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‘Dofus Touch’ Review – A Great MMO, Now on Mobile

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About a year ago I had a sad realization that mobile MMO isn’t really a living genre. For better or worse, mobile game development is most effective when creating innovative and elegant gameplay on a flat, straight forward canvas. Unfortunately not much of that is what you expect to see in an mmo. It should come as no surprise that one of the first jolts of life being thrust into the rotting carcass of the genre is about as close to a straight PC port as you could get. Dofus Touch (Free) is out now for iPhone and iPad and outside of some of the most recent updates this game is a carbon copy of the PC version.

Depending on you general disposition, that last sentence could have been the lamest or coolest one you’ve read in a long time. Mmos are very polarizing in nature and Dofus is no exception so let’s get some things out of the way. I am going to earnestly ask some questions and if you answer yes to any of them, you may experience annoyance or frustration playing Dofus. Do you enjoy quest driven gameplay? Do you enjoy non-repetitive gameplay? Do leveling grinds make you uneasy? Do you find animated sexualization out of place in 2016? (Yeah, I have to say yes to this one, more on this later.)

Created by French developer Ankama, Dofus is a game that has more in common with eastern grind MMOs than western games that focus on quests and an easily reached end game/max level. The gameplay is very similar to Final Fantasy Tactics Advanced where you have special rules in each combat on top of normal play that grant a bonus to loot and xp if followed. Each individual NPC and player takes turns using movement and ability points to attack, heal, buff, debuff and position themselves to survive and dominate their opponents. There are dungeons, many flavors of PVP, puzzle maps and normal PVE style encounters you can come across.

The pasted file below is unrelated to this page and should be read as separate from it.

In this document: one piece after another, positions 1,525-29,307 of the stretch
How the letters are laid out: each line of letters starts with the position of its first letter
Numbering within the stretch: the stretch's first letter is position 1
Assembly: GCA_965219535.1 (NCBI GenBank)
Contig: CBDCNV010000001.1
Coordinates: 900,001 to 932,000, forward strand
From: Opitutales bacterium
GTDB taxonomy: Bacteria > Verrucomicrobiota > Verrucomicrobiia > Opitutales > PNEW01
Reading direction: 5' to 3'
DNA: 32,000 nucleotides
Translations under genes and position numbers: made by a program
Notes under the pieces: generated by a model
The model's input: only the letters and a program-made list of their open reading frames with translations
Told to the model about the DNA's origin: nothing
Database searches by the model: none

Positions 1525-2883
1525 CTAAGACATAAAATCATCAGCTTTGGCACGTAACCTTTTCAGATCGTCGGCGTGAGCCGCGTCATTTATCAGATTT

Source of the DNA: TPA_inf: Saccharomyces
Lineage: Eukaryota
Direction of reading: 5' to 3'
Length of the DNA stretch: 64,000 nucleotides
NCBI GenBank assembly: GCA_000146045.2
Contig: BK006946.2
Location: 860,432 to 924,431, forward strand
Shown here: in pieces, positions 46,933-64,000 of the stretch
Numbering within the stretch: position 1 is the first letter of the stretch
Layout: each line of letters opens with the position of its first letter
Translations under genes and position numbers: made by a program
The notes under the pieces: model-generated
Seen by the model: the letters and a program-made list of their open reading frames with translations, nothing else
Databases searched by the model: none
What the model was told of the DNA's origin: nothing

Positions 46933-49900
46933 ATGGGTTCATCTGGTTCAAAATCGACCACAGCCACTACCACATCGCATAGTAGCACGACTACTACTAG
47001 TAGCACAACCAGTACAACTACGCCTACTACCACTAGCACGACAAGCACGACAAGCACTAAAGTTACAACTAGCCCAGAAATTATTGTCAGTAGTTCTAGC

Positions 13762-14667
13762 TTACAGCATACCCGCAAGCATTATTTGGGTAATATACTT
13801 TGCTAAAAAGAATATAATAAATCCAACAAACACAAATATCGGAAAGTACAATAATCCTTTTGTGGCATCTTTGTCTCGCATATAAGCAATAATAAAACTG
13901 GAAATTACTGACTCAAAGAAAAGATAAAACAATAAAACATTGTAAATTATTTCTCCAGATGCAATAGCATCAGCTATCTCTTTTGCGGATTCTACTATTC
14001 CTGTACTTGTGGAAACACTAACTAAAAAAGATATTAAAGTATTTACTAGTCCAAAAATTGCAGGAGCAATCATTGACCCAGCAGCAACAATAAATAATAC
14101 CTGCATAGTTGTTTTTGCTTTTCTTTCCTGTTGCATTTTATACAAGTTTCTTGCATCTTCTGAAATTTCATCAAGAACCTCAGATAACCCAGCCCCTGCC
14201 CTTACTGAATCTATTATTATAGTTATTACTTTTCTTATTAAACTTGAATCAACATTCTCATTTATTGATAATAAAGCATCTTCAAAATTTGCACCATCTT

Now if you are a real MMO fan, you’re probably about to hit me with a “well actually, …." And yes, I know the Order and Chaos (Free) franchise exists. While those games offer a mobile mmo experience, the in game purchases are quite aggressively pushed onto a player. Combine that with a supremely restrictive inventory system and for me the expectation of a full scale MMO is not really met. You might also mention Nexon’s Pocket Maple Story’s (Free) but I have yet to get it to install properly and it was a pretty thin game to begin with even on PC. No, I think the gaping void of a completely realized mobile MMO still exists and Dofus might just be the game that can bring substance and vibrancy into the darkness.

The game is a full feature MMO with crafting, guilds, factions, an economy, skill points, stat points and a chat and emote system. The game is free and there IS premium currency, but it is not necessary to buy any if you just want to adventure out and start playing the game. There is no system that encourages players to make real money purchases outside of occasional sales and there are no mid-game ads that pop up like in Order and Chaos. Combat can involve up to 8 players on each side and access to the best loot in the game is unlocked when grouped with larger parties.